DESFA’s privatisation helped the Trans-Adriatic Pipeline (TAP), which is part of the Southern Gas Corridor, to win its bid for Azeri gas over its competitor, Nabucco.
But the deal is currently being scrutinized by the European Commission to see if it is compatible with EU law, and Azerbaijan has expressed its concern over the delay.
Azeri SOCAR has already granted an advance payment guarantee that expires in June 2015. According to the terms of the tender in 2013, a “safe exit” from the deal is only possible for SOCAR after June 2015, on the condition that the sale is not completed.
Athens is waiting for the Commission’s investigation to make its final decision on DESFA’s privatisation, according to Lafazanis, who avoided elaborating on the issue.
The Greek government has expressed its support for the TAP project, but finds it “fair and reasonable” to seek offsets from its passage from Greece. Sources told EURACTIV that this particular intergovernmental agreement includes such a provision.
A turn to Moscow?
Lafazanis also hinted that Athens has its eyes open for cooperation with other non-EU countries.
After he clarified that Greece was not an energy “satellite” of any big power, he said that it was pursuing “multidimensional energy relations with all the countries of our region and in Europe”, specifying the “wider geographical definition of the latter”.
The pro-Russia stance does not come as a surprise.
The first clash of the Greek coalition government with the EU was over Russia, opposing tougher sanctions against Moscow for its role in the Ukraine crisis.
But Syriza’s intentions were made pretty clear before the national elections in Greece. Syriza MEPs had initially opposed the signing of the EU-Ukraine Association Agreement, which irked Moscow, and abstained from backing a similar deal between the EU and Moldova.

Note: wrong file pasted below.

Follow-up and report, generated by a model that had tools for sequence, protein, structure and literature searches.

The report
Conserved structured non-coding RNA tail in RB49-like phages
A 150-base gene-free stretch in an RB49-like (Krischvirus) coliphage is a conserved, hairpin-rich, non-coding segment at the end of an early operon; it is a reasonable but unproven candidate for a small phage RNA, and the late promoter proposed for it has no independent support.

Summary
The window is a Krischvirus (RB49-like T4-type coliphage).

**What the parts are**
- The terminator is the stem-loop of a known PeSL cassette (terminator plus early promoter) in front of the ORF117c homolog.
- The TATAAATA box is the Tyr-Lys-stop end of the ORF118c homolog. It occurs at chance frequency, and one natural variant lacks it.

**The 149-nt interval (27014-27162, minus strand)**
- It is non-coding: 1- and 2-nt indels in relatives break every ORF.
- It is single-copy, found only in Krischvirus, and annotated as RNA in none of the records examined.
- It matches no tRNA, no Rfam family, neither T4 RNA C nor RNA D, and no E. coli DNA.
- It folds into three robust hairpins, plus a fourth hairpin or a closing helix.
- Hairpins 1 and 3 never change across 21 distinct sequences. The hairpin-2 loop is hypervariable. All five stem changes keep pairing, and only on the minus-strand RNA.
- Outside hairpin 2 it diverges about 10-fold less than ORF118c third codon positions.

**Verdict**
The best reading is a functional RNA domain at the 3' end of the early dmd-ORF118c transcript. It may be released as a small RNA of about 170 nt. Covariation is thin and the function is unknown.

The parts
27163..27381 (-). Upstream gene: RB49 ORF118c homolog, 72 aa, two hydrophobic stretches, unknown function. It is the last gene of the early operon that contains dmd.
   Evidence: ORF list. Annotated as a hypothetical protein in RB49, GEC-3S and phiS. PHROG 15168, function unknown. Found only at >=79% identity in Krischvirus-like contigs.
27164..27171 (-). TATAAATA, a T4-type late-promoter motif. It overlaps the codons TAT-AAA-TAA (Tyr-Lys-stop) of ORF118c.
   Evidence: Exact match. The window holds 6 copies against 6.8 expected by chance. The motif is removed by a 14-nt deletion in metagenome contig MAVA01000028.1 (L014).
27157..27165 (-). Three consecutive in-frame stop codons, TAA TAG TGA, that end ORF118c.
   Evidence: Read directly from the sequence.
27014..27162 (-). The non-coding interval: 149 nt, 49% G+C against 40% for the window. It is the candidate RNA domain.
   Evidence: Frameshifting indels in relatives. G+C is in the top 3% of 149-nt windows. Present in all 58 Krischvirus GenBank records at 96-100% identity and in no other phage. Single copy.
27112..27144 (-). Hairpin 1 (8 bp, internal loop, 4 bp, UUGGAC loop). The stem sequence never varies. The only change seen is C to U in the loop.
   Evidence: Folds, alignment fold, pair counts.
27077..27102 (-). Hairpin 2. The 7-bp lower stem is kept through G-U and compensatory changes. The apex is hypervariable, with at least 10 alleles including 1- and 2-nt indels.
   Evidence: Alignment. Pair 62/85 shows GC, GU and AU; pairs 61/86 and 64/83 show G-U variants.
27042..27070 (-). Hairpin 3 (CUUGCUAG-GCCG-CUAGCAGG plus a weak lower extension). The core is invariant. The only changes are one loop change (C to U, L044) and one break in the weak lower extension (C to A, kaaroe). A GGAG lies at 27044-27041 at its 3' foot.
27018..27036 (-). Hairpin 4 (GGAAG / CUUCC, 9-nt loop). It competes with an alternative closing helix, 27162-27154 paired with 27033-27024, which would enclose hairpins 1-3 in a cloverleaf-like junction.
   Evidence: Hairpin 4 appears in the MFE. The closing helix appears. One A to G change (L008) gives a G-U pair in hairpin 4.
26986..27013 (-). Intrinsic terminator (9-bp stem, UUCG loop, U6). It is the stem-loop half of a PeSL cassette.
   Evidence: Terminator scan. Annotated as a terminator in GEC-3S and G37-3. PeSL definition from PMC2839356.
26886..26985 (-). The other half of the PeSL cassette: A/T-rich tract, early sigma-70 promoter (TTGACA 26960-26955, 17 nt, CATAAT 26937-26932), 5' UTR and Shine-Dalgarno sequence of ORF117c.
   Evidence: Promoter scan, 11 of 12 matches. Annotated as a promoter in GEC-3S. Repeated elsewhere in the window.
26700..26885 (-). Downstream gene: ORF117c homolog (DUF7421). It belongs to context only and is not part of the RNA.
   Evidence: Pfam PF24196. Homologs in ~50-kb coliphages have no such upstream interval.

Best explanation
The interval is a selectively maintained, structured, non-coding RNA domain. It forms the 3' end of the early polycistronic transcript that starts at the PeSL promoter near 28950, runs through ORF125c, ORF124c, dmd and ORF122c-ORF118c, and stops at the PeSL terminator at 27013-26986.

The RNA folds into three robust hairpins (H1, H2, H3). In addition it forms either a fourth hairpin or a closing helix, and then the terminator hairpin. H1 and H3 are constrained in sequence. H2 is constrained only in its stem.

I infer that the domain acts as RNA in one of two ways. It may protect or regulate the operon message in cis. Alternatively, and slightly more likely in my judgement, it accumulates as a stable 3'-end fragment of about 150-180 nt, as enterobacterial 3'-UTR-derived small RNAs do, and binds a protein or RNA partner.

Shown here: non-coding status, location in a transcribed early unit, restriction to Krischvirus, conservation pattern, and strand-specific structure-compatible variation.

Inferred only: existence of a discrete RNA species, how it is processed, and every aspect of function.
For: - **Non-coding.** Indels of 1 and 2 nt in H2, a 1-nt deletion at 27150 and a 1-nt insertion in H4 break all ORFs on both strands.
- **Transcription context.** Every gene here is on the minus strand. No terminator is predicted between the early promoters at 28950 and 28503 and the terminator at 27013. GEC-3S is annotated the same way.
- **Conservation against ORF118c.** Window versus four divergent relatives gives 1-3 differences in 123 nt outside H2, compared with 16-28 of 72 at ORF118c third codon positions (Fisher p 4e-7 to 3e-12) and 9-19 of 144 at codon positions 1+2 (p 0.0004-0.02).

“Having another solution on the table, I think, is helpful,” Greek Defence Minister Panos Kammenos said this week, adding that rumors about Greece’s close relations with Russia “have a basis”.
In a recent interview with EURACTIV Greece though, leading Syriza MEP Dimitris Papadimoulis, had stated that Syriza government would never “leave Europe for the cute eyes of Mr Putin”.
US warns against monopoly regime
Speaking at the same conference, former US Ambassador Matthew Bryza, now Director of the International Centre for Defence Studies, warned Greece against turning its domestic gas market back to a monopoly regime at the expense of Greek consumers.
“I heard the Minister of Energy emphasise the need for a multidirectional energy policy and the major powers not to exploit small ones. We have no objection. If these are the goals of Greece, the worst thing to do is to step back in(to) the Southern Gas Corridor and return to the monopoly that led Greece to pay for natural gas more expensive than anywhere else in Europe.”
Indeed, according to Eurostat, Greek consumers pay 35% more for natural gas than the rest of the EU.
Greece imports 65% of its annual gas needs from Russia, and despite a deal for a gas price reduction by 15% last year between DEPA and Gazprom, debt-ridden Greeks keep on paying the highest bill in Europe.
According to analysts, the monopoly regime of DEPA, controlling 90% of the wholesale and 51% of the retail market, has helped it dominate he market and make excessive profits.
According to Kathimerini, for the last three years, DEPA has ensured excessive profits despite a significant decline in demand (€146.7 million in 2013, €106.3 million in 2012 and €190.2 million in 2011).